Pulse~LINK Demonstrates UWB Over Cable

By Jeff Goldman

August 24, 2004

The chip maker wants to show that ultrawideband is capable of increasing the capacity for cable-based data providers, with little or no physical upgrade.

At the annual CableLabs Summer Conference earlier this month in Keystone, Colorado, the ultrawideband (UWB) chipset developer Pulse~LINK showcased its technology for cable operators.

"We have a little 'traveling road show' with the architecture of a hybrid fiber coax network," says Bruce Watkins, Pulse~LINK's President and COO.

Using that architecture, Pulse~LINK demonstrated its ability to transmit high definition television content over cable. "We're showing that ultrawideband works across the entire cable plant -- and showing that it coexists with the television signals that are already there," Watkins says.

The benefit of UWB, he says, is that it gives cable providers access to a significant amount of additional bandwidth. "The bandwidth that we provide -- which can be up to a little more than a gigabit on the downstream, and up to 480 megabits on the upstream -- is all brand new bandwidth on top of what you already have," Watkins says.

That additional downstream bandwidth can make it easier for cable providers to offer high definition television, as well as other services. "HDTV consumes the bandwidth of three to five standard cable channels," Watkins says. "As you start converting more and more programming to HDTV, you've got two choices: you can either give up existing television channels, which means lost revenue -- or you can expand your plant."

The technology can also help cable providers offer a wide range of additional services to their subscribers.

"All of the revenue growth in the cable industry over the last five or six years has come through the provisioning of new services -- things like cable modems, video on demand, telephony over cable networks," Watkins says. "But more than 85 percent of the world's 330 million cable subscribers are on networks that haven't been upgraded yet to carry those kinds of services."

Upgrading the network can be extremely expensive, but Watkins says Pulse~LINK's technology can provide the bandwidth necessary without requiring any physical upgrades. "New services tend to require new bandwidth, and we have a way of providing it at an inexpensive price," he says.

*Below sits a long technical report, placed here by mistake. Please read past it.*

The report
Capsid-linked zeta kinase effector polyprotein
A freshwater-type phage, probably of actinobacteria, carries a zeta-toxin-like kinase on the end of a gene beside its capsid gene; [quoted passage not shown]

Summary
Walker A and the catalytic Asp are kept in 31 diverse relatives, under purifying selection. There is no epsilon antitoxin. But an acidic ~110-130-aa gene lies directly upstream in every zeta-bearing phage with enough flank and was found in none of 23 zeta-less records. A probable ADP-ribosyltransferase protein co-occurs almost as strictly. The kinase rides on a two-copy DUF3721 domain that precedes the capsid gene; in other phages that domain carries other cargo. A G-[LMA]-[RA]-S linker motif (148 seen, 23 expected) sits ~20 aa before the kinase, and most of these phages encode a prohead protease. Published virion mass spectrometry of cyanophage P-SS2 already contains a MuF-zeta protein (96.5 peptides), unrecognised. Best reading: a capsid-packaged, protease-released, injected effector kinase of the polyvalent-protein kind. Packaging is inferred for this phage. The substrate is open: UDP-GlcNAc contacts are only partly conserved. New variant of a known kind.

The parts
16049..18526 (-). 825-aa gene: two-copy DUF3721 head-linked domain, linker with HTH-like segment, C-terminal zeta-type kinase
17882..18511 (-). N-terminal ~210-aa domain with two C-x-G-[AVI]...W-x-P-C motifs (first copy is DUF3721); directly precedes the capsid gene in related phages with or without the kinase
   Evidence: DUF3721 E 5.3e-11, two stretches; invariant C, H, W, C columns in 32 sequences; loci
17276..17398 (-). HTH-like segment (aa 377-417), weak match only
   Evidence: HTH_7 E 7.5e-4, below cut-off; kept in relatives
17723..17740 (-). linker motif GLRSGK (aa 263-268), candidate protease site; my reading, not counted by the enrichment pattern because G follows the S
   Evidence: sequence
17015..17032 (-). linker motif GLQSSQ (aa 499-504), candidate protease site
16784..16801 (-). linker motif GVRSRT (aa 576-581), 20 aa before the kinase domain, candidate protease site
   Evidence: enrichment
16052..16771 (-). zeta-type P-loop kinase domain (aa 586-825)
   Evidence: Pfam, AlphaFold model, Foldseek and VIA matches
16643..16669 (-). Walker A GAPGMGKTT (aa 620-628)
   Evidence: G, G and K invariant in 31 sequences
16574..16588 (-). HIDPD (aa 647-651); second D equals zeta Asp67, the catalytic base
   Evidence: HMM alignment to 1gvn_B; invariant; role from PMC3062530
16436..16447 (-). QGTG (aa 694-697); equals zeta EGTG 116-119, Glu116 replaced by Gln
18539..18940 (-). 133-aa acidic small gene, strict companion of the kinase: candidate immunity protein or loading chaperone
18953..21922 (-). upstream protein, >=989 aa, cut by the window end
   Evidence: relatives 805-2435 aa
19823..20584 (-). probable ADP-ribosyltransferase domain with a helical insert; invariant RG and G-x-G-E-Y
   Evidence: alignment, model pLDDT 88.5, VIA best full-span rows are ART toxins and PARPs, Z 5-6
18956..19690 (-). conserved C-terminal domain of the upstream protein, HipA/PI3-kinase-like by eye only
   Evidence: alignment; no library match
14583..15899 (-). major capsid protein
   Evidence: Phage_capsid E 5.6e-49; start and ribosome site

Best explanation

Because Pulse~LINK's technology also works wirelessly and over existing electrical wiring, a Pulse~LINK enabled set top box can serve as a gateway to connect a wide range of different devices throughout the home. "A cell phone with our technology inside of it, when brought inside a home or business that had our technology being delivered through the cable infrastructure, would have bandwidth capacities that eclipsed anything on any 5G cellular drawing board today," Watkins says.

And it's not only downstream -- the extra upstream bandwidth can also make it easier for customers to do everything from sending e-mail to controlling video on demand. "On your upgraded digital advanced networks today, the subscriber density tends to be about 500 households per node," Watkins says. "Those 500 households have an aggregate upstream capacity per node of 8 to 12 megabits -- but we can take that up to as high as 480 megabits."

That can enable a customer to send DVD quality video from their living room, say from a camcorder, back into the network and to another subscriber. "That's true 52-inch display, DVD quality, home-to-home interactive video," Watkins says.

More importantly, Watkins says, the additional upstream bandwidth could allow cable providers to target business customers. "They can't go after businesses today in the cable industry, because they don't have the upstream bandwidth capacity," he says. "But we can give them T-1 or T-3 capacity, and all of a sudden they can start pursuing a corporate market that they couldn't pursue before."

Pulse~LINK's first commercial chipsets should be available in the third quarter of 2005.



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